Brushing your teeth properly may lower risk of arthritis later in life

You ache what you eat: Brushing your teeth properly lowers risk of arthritis later in life, study suggests

  • Germs associated with gum disease were linked to rheumatoid arthritis flareups
  • Bacteria enters the blood and prompts the body to attack its healthy joint cells
  • A link between dental hygiene and rheumatoid arthritis has long been suspected

Keeping your teeth clean can ward off the misery of arthritis flare ups, a new study suggests. 

Bacteria associated with gum disease can worsen severe joint pain that worsens rheumatoid arthritis when it enters the bloodstream, according to researchers at Rice University in Texas.

Biologist Vicky Yao made the connection when she was examining blood samples collected from rheumatoid arthritis patients. 

Rheumatoid arthritis is an autoimmune disease in which a person’s immune system attacks healthy cells within the body’s joints, leading to swelling and inflammation. RA can also cause heart, lung and eye problems.

Rice University computational biologist Vicky Yao (Pictured) found traces of bacteria associated with periodontal disease in samples collected from rheumatoid arthritis patients

Tracing the connection between gum disease and RA could help develop therapies for the latter, an autoimmune inflammatory disease that attacks the lining of the joints and can cause heart, lung and eye problems

Establishing a connection between the oral bacteria and arthritic flareups could pave the way for new treatments not only for RA, but also for other diseases. 

Dr Vicky Yao, lead researcher, said: ‘Data gathered in experiments from living organisms or cells or tissue grown in petri dishes is really important to confirm hypotheses, but, at the same time, this data perhaps holds more information than we are immediately able to derive from it.’

Dr Yao’s findings catalyzed a series of subsequent experiements with rheumatologist Dr Dana Orange and Dr Bob Darnell, a physician at Howard Hughes Medical Institute.

Dr Yao said: ‘Orange, working with Darnell, collected data from arthritis patients at regular intervals while, at the same time, monitoring when the flares happened.

‘The idea was that perhaps looking at this data retroactively, some pattern would become visible giving clues as to what might cause the arthritis to flare up.’

The study, published in the journal Science Translational Medicine, found germs associated with gum disease changed consistently prior to flare ups.

In addition to informing treatment for arthritis flare-ups, their research opens the door to developing better therapies for other diseases as well, such as cancer. The method of monitoring microbes as they relate to disease could be useful in finding out more about certain cancers. 

The team led by Dr Yao found that the germs in the samples that changed consistently across patients prior to flares were largely ones associated with gum disease. 

Dr Yao explained: ‘I was curious about this tool that allowed you to detect microbes in human samples.

‘One of the things that came up when we were discussing this was, how cool would it be if you could prescribe some kind of mouthwash to help prevent rheumatoid arthritis flares.’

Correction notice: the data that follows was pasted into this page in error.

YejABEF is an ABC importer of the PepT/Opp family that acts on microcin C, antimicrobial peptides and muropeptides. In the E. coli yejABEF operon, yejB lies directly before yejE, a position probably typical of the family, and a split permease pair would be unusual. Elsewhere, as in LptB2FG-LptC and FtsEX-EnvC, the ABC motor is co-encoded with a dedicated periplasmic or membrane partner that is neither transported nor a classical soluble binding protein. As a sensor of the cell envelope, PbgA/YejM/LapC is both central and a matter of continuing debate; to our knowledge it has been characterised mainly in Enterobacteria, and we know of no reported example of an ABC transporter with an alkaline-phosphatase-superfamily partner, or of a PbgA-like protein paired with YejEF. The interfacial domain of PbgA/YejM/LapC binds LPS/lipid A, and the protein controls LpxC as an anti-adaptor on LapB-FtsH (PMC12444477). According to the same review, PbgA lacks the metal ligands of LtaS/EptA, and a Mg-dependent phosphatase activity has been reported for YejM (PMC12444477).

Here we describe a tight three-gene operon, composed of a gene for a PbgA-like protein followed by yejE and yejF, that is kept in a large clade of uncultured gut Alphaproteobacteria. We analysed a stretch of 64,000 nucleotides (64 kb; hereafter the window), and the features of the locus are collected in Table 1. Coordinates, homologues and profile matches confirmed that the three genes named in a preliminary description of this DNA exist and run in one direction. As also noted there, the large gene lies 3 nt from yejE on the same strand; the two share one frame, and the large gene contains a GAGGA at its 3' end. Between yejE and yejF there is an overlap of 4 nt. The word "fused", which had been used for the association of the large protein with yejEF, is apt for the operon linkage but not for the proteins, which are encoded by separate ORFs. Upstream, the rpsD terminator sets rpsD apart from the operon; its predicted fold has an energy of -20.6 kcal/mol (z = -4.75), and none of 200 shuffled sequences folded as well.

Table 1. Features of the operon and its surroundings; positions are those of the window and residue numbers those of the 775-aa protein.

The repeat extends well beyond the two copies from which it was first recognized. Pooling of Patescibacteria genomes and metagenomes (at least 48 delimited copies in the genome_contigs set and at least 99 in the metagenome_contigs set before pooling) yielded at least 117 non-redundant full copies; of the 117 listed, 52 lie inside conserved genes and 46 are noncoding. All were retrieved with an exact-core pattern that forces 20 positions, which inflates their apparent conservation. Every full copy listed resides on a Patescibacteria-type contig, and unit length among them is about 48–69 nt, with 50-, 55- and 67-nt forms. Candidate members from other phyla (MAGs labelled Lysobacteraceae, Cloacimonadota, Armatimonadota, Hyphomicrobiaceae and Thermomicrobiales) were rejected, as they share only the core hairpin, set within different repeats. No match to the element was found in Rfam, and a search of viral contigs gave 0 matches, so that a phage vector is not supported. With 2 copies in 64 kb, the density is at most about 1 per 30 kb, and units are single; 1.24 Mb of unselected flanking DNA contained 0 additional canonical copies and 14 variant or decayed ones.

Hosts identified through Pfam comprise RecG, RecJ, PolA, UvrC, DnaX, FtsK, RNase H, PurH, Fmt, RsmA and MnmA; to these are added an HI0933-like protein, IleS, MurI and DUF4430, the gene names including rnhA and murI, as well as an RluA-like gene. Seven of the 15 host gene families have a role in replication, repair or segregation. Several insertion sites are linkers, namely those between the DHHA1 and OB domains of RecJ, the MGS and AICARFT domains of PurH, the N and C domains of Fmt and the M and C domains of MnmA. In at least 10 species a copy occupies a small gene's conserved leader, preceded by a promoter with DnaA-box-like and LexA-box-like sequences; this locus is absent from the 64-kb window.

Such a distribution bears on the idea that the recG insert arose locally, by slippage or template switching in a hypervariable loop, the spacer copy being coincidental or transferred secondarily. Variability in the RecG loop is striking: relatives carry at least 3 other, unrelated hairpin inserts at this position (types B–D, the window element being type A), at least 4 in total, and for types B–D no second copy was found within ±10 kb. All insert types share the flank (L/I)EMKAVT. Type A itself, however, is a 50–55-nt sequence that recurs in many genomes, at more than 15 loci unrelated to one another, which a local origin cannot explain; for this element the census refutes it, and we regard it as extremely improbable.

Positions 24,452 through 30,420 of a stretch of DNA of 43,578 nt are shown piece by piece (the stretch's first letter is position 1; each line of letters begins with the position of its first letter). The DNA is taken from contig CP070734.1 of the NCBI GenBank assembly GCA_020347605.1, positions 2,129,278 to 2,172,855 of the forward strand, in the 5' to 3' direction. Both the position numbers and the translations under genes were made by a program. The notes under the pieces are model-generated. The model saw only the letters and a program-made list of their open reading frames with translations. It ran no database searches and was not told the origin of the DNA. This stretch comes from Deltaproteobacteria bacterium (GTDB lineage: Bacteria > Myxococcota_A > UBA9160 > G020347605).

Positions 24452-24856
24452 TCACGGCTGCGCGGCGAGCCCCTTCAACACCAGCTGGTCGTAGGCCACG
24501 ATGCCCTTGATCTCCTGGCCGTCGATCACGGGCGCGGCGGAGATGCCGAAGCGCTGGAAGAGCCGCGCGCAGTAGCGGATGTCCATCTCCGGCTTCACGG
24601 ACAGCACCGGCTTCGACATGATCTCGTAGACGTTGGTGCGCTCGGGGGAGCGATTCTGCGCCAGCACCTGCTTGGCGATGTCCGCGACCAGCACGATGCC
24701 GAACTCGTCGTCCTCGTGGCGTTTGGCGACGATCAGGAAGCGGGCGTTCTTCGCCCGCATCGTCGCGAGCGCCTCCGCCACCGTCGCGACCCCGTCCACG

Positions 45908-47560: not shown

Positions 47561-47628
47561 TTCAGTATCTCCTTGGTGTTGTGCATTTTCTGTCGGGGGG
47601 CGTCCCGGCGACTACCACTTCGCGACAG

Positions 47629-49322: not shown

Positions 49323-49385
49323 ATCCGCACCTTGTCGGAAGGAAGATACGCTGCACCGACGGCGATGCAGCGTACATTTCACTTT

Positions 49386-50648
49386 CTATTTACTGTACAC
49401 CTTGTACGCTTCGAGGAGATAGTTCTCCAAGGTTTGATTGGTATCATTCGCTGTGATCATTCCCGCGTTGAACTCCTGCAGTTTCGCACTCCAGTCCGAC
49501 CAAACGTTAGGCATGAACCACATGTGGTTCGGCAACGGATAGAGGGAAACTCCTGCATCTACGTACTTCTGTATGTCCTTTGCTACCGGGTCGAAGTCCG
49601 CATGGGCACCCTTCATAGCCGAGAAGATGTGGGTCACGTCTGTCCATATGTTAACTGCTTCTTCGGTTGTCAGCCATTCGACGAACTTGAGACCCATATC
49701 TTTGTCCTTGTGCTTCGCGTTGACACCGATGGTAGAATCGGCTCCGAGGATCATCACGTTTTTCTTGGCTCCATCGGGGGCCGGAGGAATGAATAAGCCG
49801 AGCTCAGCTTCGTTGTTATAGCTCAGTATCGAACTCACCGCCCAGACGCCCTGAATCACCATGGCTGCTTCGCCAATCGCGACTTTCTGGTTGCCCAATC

The breakthrough came about serendipitously, Dr Yao said.

‘While I was working on that project, I went to this talk that I thought was really cool because it pointed out that in the data that gets ignored or thrown out, you can actually find traces of microbes.

‘You are looking at a human sample but you get a snapshot of the microbes floating around. I was intrigued by this.’

The discovery of meaningful information in data that would usually be ignored or discarded inspired her to take a similar approach in looking at data from cancer patients.

Unhealthy bacteria in the mouth has links to autoimmune condition 


Researchers from the Academic Centre for Dentistry in Amsterdam uncovered a similar link between oral health and the autoimmune condition rheumatoid arthritis. People with RA and those at risk of getting it had greater levels of two types of bacteria – including one known to cause chronic inflammation in the body. 

She said: ‘I got really interested in what else we can find mining for microbial signatures in human samples.

‘Now, we are doing something similar in looking at cancer. The hope here is that if we find some interesting microbial or viral signatures that are associated with cancer, we can then identify productive experimental directions to pursue.

‘For instance, if having a tumour creates this hotbed of specific microbes that we recognise, then we can maybe use that knowledge as a means to diagnose the cancer sooner or in a less invasive or costly way.

‘And if experiments confirm a causal link between a specific virus or bacteria and a type of cancer, then, of course, that could be useful for therapeutics.’

It is widely known that certain microbes are causal for cancer, such as human papillomavirus and cervical cancer. But for the vast majority of cancers, the relationship is not clear. 

Dr Yao added: ‘When we did the same exercise looking at cervical cancer tumour samples, we consistently detected the virus.

‘I am really interested in using computational approaches to bridge the gap between available experimental data and ways to interpret it. Computational analysis is a way to help interpret data and prioritise hypotheses for clinicians or experimental scientists to test.’

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